Also, don’t neglect your alumni. Everyone will leave the company at some point. Anyone who leaves the company is still an important part of your network. Stay in touch and keep a good relationship going.
Turn your focus outwards
A turning point for me was when I stopped thinking about us as a company and turned my focus outwards. I started to think about what we put out there in this world and the value that we create for our clients and society. The fact is, we’re still not everyone’s pocket and haven’t changed anyone’s life with our products. That is simply unsatisfying. Under the current climate and with the COVID-19 crisis, I can't help but wonder what we as a design firm contribute to the world. The team agrees that we still have a long way to go and have to be more conscious about this fact. Here again, there is little that you can do alone, but by teaming up with the right partners who share that same values, everything becomes possible.
5. The agency model is broken — and we are in to fix it
Power of co-creation
As exciting as the last five years have been, I am looking forward to what will happen in the next five years. The agency model will continue to change. For digital product companies, as opposed to traditional marketing agencies, this change is already happening. Design is now better understood as a team sport, with less happening in isolation and behind closed doors. Deadlines and presentations shouldn’t be the only things that bring people together.
The development of products happens together with the client in an agile workflow. When referring to clients, I always call them partners, and the partnership we form is in service to the user. In this partnership, we advocate for the user and try to bring that user and their needs closer to the company that is building the product. In a way, we are facilitating this relationship. Put simply, our client is our partner, and the client of our partnership is the user. As a design partner, we are able to reach millions of insurance purchasers, car owners, and banking customers.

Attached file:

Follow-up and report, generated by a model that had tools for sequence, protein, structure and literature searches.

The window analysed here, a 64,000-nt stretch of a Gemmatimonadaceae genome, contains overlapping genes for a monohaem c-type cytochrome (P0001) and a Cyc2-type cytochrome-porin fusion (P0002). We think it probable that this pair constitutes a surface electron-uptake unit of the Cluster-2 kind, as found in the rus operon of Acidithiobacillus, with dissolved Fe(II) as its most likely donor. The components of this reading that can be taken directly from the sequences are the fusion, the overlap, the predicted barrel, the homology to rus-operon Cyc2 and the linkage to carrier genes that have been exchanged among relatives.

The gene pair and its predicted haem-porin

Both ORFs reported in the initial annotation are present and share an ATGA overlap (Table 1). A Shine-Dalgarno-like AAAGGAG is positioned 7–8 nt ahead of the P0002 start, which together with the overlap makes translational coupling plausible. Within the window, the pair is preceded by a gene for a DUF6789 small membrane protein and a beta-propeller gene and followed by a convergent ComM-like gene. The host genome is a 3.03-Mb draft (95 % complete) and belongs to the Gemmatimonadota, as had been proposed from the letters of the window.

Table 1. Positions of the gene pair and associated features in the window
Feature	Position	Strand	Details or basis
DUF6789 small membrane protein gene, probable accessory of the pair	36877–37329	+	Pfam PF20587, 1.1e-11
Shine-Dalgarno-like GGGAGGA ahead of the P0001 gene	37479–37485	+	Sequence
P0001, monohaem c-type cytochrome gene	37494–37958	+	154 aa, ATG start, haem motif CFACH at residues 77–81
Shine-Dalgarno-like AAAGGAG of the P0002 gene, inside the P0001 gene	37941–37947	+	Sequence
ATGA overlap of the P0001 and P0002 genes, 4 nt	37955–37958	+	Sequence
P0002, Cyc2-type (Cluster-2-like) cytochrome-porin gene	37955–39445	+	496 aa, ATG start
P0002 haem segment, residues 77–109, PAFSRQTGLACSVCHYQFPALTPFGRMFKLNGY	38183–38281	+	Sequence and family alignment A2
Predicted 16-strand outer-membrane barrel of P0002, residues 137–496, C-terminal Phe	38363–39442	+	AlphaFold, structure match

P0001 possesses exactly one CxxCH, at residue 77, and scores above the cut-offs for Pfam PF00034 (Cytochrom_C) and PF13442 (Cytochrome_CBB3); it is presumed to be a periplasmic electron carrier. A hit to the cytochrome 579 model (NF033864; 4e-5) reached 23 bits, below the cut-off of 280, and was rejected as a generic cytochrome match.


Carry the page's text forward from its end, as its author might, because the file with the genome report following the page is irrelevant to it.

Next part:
Venture Capital plus design
It has always been hard for design agencies to participate in the net value created for the client. After working with us, our clients have raised millions of euros in financing rounds. Some have had successful IPOs. Others have had huge exits. We, of course, did not participate in those as we had already been paid a project fee for our services. The actual return on the design investment often happens months (or years) after the project with us. An attractive new model that we at Goodpatch are applying more and more is a combination of Venture Capital and design services. The key here is to not only support in an early seed stage but also to be able to follow up in later financing rounds. We have successfully invested in a few of our Japanese clients and are currently preparing to bring that same model to Berlin. It is exciting to see other design firms trying to figure out how to fix the business model of design.
A former professor of mine recently asked me:
“Boris, why is Goodpatch so successful? Is it really because you guys are good at design? Or is it something else?”
I still don’t have the exact answer, but will continue to try to figure it out.
Thank you to the whole team who has made this journey worth it and who are doing an amazing job in these difficult times. Big thanks to Tsuchiya-san and the Tokyo team that has provided considerable support all along the way. Thanks to Maya and Elaine, who helped me write this post.
Finally, big thanks to our partners and clients; you are the main reason we exist and can actually celebrate this 5th birthday.
Stay healthy everyone and hopefully see you all soon in person. 🙇♂️